In simplest terms, she was a superb actress with incredible screen presence, who could play an emotional scene as deftly as anyone, keep up with the hoofing of the incomparable Bill "Bojangles" Robinson (admittedly in his later years), and present distinctive, definitive versions of standards both sappy and sublime. She effectively created a cottage industry of Shirley Temple Films and while, yes, the weight of the studio system was behind her, it was her natural talent and force of personality that sustained it through good movies and bad. Her persona of the indefatigable child, confronting tragedy with a smile and quite often some sort of a song, could - indeed would - have been cloying or wearisome in the hands of almost any other young performer. Instead, she attained an essential, simple truth in her acting, while positively commanding your attention. She was a child actor for whom you had to make no excuses, only apologies to the veterans she was tramping under her feet. Across five years of star vehicles - some 15 films in total - she proceeded to refine, even re-define the idea of the child actor, becoming the infant star by which all others would be judged, as she delivered again and again and again.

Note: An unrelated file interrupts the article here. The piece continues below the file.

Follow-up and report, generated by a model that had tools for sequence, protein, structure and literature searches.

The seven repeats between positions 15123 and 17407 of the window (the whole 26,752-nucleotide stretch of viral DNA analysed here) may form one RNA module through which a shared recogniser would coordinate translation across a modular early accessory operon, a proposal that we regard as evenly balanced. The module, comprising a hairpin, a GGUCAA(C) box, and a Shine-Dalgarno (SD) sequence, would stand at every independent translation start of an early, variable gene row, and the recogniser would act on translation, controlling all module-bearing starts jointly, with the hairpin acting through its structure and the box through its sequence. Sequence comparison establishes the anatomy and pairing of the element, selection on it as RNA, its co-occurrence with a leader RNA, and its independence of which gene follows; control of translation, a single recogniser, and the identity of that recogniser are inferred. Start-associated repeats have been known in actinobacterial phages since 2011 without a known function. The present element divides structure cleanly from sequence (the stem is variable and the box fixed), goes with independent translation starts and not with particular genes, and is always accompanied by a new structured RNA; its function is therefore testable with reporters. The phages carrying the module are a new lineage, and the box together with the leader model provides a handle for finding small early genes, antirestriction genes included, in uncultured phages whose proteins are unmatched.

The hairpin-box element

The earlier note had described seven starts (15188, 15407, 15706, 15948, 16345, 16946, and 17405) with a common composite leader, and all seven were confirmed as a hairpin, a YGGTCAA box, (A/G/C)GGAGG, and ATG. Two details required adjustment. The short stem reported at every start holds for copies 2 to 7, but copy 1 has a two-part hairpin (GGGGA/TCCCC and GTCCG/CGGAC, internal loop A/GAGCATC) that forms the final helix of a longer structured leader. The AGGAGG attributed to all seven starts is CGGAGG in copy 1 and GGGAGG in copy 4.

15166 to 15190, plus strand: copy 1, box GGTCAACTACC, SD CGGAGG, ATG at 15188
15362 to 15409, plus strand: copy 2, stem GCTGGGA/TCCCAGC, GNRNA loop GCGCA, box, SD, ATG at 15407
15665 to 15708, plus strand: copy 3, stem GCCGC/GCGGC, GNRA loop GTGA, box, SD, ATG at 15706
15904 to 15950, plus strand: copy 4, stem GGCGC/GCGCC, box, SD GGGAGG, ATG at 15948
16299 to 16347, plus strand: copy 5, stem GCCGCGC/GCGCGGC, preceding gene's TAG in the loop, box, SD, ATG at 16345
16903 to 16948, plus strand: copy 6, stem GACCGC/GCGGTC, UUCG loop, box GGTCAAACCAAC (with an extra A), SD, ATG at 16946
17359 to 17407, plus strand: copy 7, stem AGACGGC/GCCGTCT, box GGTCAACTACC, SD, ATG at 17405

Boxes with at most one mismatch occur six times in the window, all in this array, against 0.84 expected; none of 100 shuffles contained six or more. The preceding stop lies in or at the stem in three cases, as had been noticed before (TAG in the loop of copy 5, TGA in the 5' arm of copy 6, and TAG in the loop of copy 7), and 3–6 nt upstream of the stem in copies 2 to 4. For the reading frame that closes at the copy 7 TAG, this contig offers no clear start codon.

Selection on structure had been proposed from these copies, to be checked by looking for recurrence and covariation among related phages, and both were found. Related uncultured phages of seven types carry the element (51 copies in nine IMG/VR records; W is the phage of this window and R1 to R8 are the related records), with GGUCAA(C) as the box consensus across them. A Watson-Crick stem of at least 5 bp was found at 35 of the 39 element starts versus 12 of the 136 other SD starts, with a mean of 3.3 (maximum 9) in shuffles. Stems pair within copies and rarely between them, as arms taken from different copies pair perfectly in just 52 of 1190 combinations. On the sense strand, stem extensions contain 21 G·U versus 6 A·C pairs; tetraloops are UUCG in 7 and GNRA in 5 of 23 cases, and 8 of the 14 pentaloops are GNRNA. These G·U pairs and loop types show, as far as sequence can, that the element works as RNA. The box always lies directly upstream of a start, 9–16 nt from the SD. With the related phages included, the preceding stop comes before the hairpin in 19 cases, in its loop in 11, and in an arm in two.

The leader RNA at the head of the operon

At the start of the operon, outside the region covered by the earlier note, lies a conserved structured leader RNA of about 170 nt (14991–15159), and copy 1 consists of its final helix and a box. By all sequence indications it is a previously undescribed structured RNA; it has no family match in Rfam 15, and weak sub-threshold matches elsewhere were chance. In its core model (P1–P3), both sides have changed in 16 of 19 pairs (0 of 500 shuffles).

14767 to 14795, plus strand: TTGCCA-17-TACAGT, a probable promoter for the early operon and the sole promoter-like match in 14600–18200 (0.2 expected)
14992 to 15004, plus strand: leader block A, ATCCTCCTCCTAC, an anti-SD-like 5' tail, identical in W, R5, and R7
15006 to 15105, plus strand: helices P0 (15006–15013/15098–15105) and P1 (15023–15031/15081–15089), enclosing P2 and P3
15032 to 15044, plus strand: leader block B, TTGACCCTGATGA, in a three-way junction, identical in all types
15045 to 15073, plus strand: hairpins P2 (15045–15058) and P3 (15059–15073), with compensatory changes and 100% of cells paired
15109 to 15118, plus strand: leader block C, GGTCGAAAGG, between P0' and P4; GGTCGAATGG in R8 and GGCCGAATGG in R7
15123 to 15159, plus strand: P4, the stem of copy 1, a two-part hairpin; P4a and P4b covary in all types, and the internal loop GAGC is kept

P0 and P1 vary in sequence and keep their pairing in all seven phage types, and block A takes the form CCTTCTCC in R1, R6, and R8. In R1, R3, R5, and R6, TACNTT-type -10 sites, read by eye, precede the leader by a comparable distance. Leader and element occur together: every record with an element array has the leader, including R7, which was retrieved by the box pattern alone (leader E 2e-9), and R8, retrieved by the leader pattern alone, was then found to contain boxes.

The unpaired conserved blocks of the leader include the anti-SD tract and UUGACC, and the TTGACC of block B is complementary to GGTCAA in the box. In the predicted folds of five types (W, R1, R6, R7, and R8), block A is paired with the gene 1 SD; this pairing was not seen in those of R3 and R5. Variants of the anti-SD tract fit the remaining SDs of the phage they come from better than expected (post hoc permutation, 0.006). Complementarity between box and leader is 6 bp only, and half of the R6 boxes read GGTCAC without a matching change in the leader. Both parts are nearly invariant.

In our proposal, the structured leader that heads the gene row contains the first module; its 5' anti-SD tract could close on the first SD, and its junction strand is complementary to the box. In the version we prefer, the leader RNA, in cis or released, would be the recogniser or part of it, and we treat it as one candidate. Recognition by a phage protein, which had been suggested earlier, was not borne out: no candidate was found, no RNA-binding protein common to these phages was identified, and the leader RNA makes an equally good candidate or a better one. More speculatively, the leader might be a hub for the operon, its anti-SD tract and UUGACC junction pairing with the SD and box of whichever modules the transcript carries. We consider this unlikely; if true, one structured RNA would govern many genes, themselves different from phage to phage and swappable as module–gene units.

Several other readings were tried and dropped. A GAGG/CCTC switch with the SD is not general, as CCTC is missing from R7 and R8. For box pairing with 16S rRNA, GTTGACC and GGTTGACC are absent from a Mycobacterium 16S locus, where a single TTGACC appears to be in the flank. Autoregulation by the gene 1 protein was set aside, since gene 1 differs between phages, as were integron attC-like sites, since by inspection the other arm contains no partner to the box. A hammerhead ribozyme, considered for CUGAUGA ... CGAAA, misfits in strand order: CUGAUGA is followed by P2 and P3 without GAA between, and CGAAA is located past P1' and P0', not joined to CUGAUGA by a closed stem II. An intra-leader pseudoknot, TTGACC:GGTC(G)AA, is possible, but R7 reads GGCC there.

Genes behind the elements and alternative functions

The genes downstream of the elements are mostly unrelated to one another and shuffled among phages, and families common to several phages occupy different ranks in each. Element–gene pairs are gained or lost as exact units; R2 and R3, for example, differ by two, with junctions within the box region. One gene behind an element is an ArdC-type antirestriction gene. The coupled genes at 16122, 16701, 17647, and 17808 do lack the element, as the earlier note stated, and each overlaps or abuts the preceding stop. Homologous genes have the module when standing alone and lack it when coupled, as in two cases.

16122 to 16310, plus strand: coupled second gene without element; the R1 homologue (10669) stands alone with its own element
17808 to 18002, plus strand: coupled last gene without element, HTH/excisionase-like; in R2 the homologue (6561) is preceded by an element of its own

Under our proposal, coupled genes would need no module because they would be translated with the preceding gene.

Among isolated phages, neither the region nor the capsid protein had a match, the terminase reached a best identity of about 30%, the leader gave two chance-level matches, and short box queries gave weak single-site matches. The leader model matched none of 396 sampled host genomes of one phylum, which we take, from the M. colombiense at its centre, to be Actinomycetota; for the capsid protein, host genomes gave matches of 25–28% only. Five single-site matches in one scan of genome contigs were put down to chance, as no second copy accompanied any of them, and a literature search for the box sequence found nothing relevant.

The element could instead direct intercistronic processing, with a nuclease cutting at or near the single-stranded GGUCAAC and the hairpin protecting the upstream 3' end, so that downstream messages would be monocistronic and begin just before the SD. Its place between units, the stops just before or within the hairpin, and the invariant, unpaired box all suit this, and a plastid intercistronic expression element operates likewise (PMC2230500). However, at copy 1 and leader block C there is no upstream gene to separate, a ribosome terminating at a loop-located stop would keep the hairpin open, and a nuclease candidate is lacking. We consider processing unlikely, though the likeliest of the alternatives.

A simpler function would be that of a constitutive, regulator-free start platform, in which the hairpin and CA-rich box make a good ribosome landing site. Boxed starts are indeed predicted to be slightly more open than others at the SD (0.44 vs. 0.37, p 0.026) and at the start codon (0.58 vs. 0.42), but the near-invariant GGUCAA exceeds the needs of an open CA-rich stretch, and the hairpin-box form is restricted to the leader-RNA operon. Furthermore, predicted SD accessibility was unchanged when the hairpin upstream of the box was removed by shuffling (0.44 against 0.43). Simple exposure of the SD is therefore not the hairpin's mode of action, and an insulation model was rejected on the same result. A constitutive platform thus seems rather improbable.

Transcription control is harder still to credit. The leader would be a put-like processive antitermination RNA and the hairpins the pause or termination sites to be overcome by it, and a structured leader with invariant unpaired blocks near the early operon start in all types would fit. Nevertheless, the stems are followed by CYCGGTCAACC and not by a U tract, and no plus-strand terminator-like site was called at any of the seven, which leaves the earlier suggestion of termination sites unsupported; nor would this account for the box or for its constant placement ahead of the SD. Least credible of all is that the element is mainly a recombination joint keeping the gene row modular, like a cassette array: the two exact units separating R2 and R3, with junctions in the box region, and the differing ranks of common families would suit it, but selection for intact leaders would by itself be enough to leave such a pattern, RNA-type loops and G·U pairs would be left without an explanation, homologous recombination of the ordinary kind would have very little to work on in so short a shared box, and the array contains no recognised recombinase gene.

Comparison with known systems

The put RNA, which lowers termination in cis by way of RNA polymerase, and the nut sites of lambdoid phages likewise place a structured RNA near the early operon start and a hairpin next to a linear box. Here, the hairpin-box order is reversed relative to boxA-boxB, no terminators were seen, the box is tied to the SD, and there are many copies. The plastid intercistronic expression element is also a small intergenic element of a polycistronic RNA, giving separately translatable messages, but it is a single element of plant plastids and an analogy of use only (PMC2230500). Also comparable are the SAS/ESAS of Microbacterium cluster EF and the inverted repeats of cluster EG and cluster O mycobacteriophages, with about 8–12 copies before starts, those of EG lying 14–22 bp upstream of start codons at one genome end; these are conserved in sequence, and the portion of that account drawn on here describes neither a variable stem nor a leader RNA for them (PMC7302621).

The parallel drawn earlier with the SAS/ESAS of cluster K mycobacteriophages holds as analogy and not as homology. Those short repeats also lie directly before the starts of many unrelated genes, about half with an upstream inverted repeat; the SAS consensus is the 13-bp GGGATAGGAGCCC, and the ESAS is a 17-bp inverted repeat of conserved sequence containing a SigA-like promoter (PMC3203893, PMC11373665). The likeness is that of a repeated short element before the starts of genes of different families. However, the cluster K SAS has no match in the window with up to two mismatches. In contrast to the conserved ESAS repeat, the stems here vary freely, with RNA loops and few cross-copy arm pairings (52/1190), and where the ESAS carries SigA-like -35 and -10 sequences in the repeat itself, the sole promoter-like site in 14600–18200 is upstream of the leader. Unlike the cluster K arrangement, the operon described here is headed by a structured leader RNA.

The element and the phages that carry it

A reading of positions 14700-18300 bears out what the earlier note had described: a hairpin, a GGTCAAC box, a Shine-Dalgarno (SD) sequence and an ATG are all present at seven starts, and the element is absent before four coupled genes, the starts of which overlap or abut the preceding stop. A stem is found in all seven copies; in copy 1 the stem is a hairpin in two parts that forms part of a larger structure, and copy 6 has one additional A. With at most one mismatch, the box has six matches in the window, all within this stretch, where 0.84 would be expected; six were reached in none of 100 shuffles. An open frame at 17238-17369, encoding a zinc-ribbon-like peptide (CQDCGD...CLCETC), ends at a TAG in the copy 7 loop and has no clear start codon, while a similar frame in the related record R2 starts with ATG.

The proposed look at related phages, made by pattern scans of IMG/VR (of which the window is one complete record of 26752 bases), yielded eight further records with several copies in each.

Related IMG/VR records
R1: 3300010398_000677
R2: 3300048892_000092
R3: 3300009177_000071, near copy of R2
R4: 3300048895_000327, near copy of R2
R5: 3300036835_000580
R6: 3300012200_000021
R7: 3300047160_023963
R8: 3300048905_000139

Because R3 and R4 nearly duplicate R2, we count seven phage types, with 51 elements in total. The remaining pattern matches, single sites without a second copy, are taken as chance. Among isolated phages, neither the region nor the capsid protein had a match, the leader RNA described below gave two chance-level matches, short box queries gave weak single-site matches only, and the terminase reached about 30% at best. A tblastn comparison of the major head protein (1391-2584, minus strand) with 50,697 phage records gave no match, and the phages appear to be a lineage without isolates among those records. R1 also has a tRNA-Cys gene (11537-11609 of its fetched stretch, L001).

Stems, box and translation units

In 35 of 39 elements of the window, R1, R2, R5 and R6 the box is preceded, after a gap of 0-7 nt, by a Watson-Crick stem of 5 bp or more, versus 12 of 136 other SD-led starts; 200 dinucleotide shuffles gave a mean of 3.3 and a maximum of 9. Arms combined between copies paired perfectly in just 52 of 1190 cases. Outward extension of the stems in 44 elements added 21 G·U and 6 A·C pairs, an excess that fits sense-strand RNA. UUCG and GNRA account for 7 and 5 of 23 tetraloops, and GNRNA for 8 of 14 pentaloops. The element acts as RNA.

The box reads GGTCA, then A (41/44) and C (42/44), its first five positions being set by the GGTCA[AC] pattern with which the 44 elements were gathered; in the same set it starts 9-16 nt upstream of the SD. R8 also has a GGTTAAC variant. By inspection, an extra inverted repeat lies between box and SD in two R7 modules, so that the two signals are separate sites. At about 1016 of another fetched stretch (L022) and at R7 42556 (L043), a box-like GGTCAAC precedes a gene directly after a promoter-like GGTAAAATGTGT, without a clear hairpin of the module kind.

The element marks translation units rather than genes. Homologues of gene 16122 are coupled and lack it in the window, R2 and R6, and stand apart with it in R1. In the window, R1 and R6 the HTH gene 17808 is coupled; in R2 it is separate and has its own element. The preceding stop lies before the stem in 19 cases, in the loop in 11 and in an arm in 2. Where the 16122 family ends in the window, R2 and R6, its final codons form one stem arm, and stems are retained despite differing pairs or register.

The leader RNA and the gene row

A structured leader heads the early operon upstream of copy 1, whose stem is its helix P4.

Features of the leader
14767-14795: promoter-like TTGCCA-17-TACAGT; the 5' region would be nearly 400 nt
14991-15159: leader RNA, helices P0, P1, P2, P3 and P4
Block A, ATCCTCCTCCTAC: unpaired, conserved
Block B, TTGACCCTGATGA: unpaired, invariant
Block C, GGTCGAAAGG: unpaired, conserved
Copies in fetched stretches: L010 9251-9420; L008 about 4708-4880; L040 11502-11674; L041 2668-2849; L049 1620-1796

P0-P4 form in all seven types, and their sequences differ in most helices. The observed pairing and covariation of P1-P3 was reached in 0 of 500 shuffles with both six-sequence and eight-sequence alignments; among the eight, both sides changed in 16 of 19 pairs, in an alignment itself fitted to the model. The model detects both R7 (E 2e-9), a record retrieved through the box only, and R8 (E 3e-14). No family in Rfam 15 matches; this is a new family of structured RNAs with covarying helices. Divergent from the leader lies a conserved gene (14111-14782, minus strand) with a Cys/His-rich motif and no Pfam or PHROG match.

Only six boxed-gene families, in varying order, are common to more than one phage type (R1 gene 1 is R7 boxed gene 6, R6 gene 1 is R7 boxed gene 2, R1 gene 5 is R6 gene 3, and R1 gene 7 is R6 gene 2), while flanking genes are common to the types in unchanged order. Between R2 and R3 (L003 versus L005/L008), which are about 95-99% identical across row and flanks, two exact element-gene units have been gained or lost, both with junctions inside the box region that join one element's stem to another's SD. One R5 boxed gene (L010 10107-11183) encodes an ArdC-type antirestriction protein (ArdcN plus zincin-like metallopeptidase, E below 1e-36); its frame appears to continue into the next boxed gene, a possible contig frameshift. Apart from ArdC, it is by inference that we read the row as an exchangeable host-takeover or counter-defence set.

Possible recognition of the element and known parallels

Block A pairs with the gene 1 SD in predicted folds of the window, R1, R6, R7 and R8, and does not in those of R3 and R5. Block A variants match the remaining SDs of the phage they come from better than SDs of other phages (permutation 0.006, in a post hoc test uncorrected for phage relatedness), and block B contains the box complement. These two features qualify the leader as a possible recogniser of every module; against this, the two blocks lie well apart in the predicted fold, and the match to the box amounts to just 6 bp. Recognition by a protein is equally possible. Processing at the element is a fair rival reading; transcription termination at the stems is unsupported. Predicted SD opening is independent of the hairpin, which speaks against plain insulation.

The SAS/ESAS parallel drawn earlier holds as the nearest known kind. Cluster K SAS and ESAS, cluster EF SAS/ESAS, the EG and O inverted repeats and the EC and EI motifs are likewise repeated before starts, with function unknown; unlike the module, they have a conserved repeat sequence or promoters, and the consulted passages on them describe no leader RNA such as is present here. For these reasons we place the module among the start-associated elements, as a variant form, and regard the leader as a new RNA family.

If we play the fun game of reducing her movies to pocket summaries of her characters, then a few of my favourites would have to be Imperial Shirley (Wee Willie Winkie), Civil War Shirley (The Littlest Rebel) and Chinese-speaking Shirley (Stowaway), though it seems a shame to miss out such delights as Splashy Shirley (Just Around the Corner), Lollipop Shirley (Bright Eyes) and indeed Breakout Shirley (Little Miss Marker), the one in which she laid waste to a gallery of usual scene-stealers and embarked on the path to superstardom way back in 1934. Imperial Shirley was in fact a movie made especially for me, being based on a story by my favourite poetic imperial tubthumper (Rudyard Kipling), starring my favourite heavy-set British character actor (Victor McLaglen) and directed by my favourite filmmaker of all time, the mighty John Ford. Incidentally, because doubtless everyone will bring it up today, Graham Greene did indeed accuse Fox of "pimping" their young star, in his review for the film (for their part, they slapped him with an enormous lawsuit), claiming her characters were weirdly sexualised. As satire, it was kind of funny, but as a proper critique of her presentation, it doesn't stack up. Her characters bantered with male adults, and wrapped them round her finger, but always in the service of a story that required her to do so in order to avert some tragedy for herself or others. And while her skirts were indeed shorter than most other child stars', that was more to accentuate her dancing, ultimately becoming part of her image.